Where we do agree, however, is that everybody’s focus seems to be on dramatic stories and unfounded alegations, rather than finding practical solutions to our many challenges. We need to start having a real conversation about the future of our province instead of throwing money at problems and creating crisis where they don’t exist.

      Thanks for your comment!

      PP

  2. Alberta teachers are the highest paid in North America. At the most recent CAPSC meeting, chief superintendent, Naomi Johnson stated that the average cost per teacher to the CBE is $102,000 (including all benefits, of course). I think teachers realize this and will be willing to forgo wage increases but only in return for better working conditions. But, as I am not currently a teacher, I cannot say for sure 🙂

  3. Curious to know on what evidence you are basing this statement:

    “What also doesn’t sit well with them or with me is that despite the fact that teachers are getting these increases, the quality of our education system is eroding.”

  4. With respect, what a load of codswallop!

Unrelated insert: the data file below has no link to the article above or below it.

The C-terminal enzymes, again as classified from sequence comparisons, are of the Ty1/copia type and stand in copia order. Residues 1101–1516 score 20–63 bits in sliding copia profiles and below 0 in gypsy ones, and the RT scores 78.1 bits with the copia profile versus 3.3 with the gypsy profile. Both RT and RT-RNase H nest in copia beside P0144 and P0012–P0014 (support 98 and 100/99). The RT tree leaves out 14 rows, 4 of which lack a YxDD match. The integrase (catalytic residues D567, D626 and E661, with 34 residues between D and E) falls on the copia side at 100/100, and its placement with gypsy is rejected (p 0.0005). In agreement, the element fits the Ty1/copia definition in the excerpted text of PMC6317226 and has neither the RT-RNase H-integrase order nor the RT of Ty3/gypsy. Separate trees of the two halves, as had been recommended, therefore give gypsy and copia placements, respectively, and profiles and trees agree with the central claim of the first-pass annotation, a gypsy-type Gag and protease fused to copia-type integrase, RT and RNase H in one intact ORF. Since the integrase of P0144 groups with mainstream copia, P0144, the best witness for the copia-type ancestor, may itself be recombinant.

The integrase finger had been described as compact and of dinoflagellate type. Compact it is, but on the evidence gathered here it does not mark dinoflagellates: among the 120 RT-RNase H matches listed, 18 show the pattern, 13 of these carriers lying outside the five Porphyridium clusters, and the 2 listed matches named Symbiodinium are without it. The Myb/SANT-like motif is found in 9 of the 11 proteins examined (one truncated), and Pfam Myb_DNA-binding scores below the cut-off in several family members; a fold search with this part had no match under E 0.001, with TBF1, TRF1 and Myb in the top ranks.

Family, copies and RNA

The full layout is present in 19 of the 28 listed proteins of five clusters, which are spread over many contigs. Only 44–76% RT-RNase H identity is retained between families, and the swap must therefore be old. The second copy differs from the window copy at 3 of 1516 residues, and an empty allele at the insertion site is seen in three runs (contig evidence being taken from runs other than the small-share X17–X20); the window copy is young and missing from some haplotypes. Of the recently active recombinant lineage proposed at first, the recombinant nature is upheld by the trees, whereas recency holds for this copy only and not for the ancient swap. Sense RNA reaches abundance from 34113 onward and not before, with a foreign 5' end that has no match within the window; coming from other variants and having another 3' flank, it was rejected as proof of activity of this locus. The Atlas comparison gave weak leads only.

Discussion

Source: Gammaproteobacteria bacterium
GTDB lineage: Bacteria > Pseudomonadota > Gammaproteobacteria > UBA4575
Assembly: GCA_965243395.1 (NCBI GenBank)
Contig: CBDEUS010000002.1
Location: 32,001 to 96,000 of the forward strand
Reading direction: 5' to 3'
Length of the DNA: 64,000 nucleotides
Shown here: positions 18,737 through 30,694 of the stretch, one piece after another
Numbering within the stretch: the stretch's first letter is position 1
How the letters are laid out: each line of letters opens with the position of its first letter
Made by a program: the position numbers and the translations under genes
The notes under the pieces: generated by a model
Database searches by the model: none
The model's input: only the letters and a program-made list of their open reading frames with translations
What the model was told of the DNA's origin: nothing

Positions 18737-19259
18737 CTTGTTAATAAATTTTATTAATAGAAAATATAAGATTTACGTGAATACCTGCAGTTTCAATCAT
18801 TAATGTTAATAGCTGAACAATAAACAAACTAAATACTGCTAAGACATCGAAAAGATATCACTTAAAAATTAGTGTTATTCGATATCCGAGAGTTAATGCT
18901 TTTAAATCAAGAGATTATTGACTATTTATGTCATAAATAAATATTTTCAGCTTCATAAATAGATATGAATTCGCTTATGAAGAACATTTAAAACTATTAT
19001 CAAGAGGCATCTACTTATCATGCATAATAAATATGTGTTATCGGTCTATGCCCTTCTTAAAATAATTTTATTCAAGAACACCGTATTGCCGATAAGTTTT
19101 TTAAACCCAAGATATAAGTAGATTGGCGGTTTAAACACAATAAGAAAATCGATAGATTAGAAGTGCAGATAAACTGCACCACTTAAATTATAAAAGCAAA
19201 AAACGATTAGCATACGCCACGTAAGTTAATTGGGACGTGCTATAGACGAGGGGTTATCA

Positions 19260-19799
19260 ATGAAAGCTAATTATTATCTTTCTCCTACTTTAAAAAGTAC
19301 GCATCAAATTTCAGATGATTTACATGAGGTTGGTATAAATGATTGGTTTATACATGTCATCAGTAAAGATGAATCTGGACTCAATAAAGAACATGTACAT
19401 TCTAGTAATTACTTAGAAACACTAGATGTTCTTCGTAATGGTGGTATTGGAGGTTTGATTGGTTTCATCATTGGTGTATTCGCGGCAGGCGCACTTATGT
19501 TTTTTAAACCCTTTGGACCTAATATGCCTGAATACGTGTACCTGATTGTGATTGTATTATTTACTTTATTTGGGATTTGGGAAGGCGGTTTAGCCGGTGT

First, the amount that teachers are paid is determined by an agreement reached between the Government and the ATA. The party in power in this is Province is the PCs. If there is a democratic deficit – then you and your party are to blame. Agreeing to a contract and then claiming the other side is now being paid too much is the sort of cognitive dissonance that is acceptable only when suffering from psychosis or conservatism.

    Secondly, the timing of the release from the Alberta Federation of Labour is in no way related to the ATA negotiations. The AFL news release came when it did for 2 reasons -(1) the fact that the Koch brothers (architects of the Tea Party, bankrollers of climate change denial and Wisconsin anti-employee, anti-democratic government action) have now have set up shop to lobby the Alberta government. (2) The Institute for Public Sector Accountability has begun a drive to bring the anti-democratic initiatives to Alberta, publishing columns in the Calgary Sun and other papers.